After he was 'found' by eleven-year-old Lachlan Beattie and his cousins Janet and Meg McIvor he is taken in by the children's parents to stay with them. Among most of the settlers his presence seems to disturb their way of living and nourishes fear of possible attacks by blacks on the settlement. These threats are not mentioned openly because nobody wants to accuse Gemmy of being a spy. On the contrary, the secret suspicions manage to split the group of settlers after a while. Gemmy is attacked twice and after his removal from the settlement to the beekeeper Mrs. Hutchence he finally leaves the whites altogether.
During his stay Gemmy does not only evoke suspicion but also manages to change some people's attitudes towards the environment and towards life. His 'child-like' perception of the world opens the eyes of Jock McIvor, the minister Mr. Frazer and Lachlan Beattie so that they have a closer look at nature and are able to better appreciate what it has to offer. Janet McIvor has a special incident which occurs alone to her when being covered all over with bees. She suddenly hears and feels the animals 'single mind'. She feels a sort of belonging to them, belonging to nature, in which she moves without contact to the artificial rules of society. This incident brings her closer to her self and prepares her for her later life as a beekeeper.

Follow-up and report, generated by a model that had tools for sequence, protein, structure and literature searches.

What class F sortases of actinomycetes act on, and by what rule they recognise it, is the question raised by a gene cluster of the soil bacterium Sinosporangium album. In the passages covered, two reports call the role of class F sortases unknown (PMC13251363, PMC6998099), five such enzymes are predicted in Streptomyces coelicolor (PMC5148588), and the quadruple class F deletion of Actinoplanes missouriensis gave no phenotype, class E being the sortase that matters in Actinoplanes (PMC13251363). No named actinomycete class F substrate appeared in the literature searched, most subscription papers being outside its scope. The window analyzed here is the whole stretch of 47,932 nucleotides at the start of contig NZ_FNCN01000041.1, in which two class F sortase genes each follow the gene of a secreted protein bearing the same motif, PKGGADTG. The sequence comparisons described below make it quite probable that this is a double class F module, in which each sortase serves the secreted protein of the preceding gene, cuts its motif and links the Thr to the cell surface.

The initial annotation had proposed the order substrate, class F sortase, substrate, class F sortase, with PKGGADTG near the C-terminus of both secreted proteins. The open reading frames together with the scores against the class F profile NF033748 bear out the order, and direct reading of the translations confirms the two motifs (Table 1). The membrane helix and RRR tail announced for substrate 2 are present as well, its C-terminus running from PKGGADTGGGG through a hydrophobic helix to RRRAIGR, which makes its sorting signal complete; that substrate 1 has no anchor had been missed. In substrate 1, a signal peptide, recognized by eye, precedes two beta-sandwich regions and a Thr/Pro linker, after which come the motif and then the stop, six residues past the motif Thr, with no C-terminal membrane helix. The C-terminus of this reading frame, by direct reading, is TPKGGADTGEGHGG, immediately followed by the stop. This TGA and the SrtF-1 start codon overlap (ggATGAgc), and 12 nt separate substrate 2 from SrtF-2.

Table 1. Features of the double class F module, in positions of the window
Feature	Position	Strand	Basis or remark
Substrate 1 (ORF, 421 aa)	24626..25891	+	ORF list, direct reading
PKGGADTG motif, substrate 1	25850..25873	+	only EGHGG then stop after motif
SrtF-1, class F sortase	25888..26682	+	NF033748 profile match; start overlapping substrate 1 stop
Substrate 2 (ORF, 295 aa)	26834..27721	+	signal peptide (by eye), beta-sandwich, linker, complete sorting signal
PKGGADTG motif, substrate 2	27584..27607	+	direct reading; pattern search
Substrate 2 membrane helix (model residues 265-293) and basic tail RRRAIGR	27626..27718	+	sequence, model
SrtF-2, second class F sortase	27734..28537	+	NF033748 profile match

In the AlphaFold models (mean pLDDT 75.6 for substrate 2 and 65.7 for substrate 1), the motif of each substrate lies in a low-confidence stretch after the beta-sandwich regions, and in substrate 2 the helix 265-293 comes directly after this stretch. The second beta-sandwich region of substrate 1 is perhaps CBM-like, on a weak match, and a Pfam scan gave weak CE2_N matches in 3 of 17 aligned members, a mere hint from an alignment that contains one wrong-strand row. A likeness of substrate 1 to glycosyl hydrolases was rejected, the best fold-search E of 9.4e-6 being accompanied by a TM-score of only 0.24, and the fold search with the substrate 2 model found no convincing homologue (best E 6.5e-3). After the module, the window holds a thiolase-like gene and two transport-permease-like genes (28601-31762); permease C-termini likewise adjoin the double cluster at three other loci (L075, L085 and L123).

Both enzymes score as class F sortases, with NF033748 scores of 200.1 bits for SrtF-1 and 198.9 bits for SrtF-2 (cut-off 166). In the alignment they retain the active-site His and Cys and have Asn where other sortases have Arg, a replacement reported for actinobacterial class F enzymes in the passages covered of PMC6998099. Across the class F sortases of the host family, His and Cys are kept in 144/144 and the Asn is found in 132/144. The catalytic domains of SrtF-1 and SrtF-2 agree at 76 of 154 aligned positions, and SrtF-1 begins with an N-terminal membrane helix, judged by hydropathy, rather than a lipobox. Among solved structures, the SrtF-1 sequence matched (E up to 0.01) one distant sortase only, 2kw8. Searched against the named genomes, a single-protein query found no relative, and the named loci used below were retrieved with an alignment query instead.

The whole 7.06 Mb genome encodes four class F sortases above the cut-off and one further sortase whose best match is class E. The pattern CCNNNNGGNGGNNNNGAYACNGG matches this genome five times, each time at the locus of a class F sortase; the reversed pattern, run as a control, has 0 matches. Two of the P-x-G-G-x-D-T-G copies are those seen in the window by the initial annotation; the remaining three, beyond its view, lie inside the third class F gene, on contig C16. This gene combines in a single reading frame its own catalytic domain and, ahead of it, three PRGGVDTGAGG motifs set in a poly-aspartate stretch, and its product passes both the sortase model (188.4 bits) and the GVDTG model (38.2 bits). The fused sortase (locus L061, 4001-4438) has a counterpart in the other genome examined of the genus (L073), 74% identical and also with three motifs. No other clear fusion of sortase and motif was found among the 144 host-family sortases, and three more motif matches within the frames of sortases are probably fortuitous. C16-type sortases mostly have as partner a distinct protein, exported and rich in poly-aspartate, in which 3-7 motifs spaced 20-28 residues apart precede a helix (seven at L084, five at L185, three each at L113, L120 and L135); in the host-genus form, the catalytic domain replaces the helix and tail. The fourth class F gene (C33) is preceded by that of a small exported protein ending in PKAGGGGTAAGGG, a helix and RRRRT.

This document has been adapted by kind permission of the author from the English summary of "The Phenomenon of the Stranger in David Malouf's An Imaginary Life, Remembering Babylon and The Conversations at Curlow Creek," his University of Kiel Master's thesis. You can contact Jörg Heinke at email@example.com or visit his personal home page.